Similarities Between The Outsiders And The Greasers

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Bridging the Gap Between the Rich and the Poor

The Outsiders is a very well-known novel written by the author S. E. Hinton in 1967. The book follows the story of two conflicting gangs named the Socs and the Greasers who are separated by their positions in society. There are countless themes and main ideas throughout the book which teens can easily relate to, including themes of isolation, violence, innocence and even love. The Outsiders mainly talks about the theme of Society and Class; how the city that the book takes place in is divided into two by factors of wealth and position in society. S.E Hinton is bringing light to the similarities between the Socs and the Greasers throughout her novel; bridging the gap between the rich and the poor.
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This is evident when Cherry tells Ponyboy, “‘We have troubles you’ve never even heard of. You want to know something?’ She looked me straight in the eye ‘Things are rough all over’” (p. 34 and 35). In the end of Chapter 7, Ponyboy also tells himself, “Socs were just guys after all. Things were rough all over, but it was better that way. That way you could tell the other guy was human too” (p. 118). When Cherry states that ‘things are rough all over’ it implies that deep inside; no matter how it may look, everybody has their own problems which isolate them. Ponyboy links this quote back when he is talking to Randy in the car. He finally makes a connection between the two gangs and realizes that Socs have just as many challenges as greasers have. Both have the human element of feelings and suffer in life. This is related to real life, too. Although it may look as though the poor have all the problems, the rich also have problems of their own. Rich people have so much money they are never happy, and the poor don’t earn adequate money to survive every …show more content…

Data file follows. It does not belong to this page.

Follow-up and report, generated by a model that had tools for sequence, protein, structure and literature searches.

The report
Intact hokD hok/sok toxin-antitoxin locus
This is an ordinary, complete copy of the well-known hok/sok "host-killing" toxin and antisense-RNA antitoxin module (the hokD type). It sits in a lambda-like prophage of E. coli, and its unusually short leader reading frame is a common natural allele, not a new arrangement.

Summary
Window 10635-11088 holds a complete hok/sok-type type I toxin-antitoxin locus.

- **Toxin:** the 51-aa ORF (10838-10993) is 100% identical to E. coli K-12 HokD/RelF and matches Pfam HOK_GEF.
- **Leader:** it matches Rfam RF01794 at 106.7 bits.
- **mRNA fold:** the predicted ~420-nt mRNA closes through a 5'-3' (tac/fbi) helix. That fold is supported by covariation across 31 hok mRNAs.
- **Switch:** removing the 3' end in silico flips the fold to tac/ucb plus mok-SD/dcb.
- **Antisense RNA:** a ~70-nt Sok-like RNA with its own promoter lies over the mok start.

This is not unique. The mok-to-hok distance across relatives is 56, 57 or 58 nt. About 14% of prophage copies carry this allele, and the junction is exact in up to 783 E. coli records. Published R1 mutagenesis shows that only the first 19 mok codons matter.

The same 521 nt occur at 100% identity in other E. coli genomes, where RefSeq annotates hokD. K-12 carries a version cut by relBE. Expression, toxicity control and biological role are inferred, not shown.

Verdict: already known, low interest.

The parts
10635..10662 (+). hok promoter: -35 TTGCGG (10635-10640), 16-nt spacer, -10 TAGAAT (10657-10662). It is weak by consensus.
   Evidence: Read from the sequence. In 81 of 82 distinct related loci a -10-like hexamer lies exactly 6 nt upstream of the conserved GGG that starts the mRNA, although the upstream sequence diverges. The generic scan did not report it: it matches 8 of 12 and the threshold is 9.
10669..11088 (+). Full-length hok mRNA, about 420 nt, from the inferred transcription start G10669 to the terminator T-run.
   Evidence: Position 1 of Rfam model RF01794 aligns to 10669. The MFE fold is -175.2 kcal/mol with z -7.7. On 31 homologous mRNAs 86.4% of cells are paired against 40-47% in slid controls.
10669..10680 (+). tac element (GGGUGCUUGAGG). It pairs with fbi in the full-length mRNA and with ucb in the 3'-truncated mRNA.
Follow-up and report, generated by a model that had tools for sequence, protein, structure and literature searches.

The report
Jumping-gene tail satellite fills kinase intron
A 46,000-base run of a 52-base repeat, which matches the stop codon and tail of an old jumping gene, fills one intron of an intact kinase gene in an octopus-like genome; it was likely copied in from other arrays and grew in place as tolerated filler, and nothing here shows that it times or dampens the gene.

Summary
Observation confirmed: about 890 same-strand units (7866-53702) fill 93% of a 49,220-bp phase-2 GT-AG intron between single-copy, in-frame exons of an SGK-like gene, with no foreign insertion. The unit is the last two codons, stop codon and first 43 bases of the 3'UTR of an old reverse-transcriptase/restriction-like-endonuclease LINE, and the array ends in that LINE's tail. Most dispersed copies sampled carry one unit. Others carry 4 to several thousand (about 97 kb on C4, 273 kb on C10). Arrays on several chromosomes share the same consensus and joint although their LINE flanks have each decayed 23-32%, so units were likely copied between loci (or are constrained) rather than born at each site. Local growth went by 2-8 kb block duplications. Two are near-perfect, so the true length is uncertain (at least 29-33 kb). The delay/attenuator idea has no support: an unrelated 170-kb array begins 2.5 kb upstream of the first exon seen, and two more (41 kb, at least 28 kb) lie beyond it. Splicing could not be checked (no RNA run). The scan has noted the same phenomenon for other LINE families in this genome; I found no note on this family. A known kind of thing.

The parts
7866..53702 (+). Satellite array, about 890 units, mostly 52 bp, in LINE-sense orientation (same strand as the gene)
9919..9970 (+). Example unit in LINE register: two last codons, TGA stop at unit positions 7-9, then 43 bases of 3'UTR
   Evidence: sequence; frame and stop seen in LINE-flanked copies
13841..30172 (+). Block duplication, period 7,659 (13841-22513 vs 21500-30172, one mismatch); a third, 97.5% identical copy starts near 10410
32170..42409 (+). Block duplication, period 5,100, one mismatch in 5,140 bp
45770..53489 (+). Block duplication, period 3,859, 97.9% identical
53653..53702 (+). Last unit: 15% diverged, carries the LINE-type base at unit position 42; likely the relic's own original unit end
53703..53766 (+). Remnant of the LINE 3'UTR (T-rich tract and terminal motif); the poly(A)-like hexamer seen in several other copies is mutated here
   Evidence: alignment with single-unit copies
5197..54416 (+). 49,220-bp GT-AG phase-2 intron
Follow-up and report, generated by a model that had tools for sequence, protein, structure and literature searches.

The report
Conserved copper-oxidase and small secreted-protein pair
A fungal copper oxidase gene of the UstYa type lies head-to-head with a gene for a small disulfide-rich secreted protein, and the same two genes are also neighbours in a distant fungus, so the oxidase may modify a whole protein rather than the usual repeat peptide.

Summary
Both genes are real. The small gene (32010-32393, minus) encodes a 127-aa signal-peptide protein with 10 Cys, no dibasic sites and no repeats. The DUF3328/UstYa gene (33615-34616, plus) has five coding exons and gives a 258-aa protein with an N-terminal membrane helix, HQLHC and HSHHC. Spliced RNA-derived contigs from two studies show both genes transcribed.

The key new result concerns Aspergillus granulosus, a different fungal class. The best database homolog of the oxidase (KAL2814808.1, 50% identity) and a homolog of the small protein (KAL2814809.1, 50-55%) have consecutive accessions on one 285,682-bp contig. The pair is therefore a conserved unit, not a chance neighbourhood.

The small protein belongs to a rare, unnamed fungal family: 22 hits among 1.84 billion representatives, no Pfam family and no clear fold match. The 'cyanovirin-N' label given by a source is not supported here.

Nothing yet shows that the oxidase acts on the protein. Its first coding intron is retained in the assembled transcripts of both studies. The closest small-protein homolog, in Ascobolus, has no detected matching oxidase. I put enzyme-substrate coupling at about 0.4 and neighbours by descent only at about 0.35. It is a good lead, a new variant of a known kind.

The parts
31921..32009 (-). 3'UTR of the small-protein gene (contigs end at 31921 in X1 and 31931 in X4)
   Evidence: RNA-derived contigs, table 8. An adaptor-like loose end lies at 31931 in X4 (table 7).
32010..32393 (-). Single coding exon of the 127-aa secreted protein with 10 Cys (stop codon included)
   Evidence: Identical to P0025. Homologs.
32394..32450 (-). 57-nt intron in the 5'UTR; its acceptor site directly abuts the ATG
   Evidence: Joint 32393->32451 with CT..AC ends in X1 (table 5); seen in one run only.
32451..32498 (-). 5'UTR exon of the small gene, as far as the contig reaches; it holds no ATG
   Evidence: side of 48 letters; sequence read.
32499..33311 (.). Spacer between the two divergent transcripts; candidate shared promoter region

Ponyboy describes the importance of appearances to the gang: “Our hair was tuff--- we didn't have to use much grease on it. Our hair labeled us greasers, too- -- it was our trademark. The one thing we were proud of. Maybe we couldn't have Corvairs or madras shirts, but we could have hair.” (p. 71). This sentence explains how important the greasers’ hair is to them; they cannot afford all the other expensive clothes or fancy cars, but they could have hair. The author also described the Socs as though “they were all cut from the same piece of cloth: clean shaven with semi-Beatle haircuts, wearing striped or checkered shirts with light red or tan-colored jackets or madras ski jackets.” (p. 141). This sentence uses imagery to allow the reader to imagine the Socs all having the exact same line of clothing. It shows how important Soc’s image and appearance is to them; just like how our clothes matter to us. Also, when the author is describing the two gangs as following a certain style of clothing, it is an example of stereotyping since she is identifying the group as having a unique characteristic or behavior throughout the novel. This is also evident in real life. Places like India or African countries whose citizens like to wear traditional and cultural cloths show how much significance they have for clothing. Rich people also tend to wear fancy, expensive clothes which

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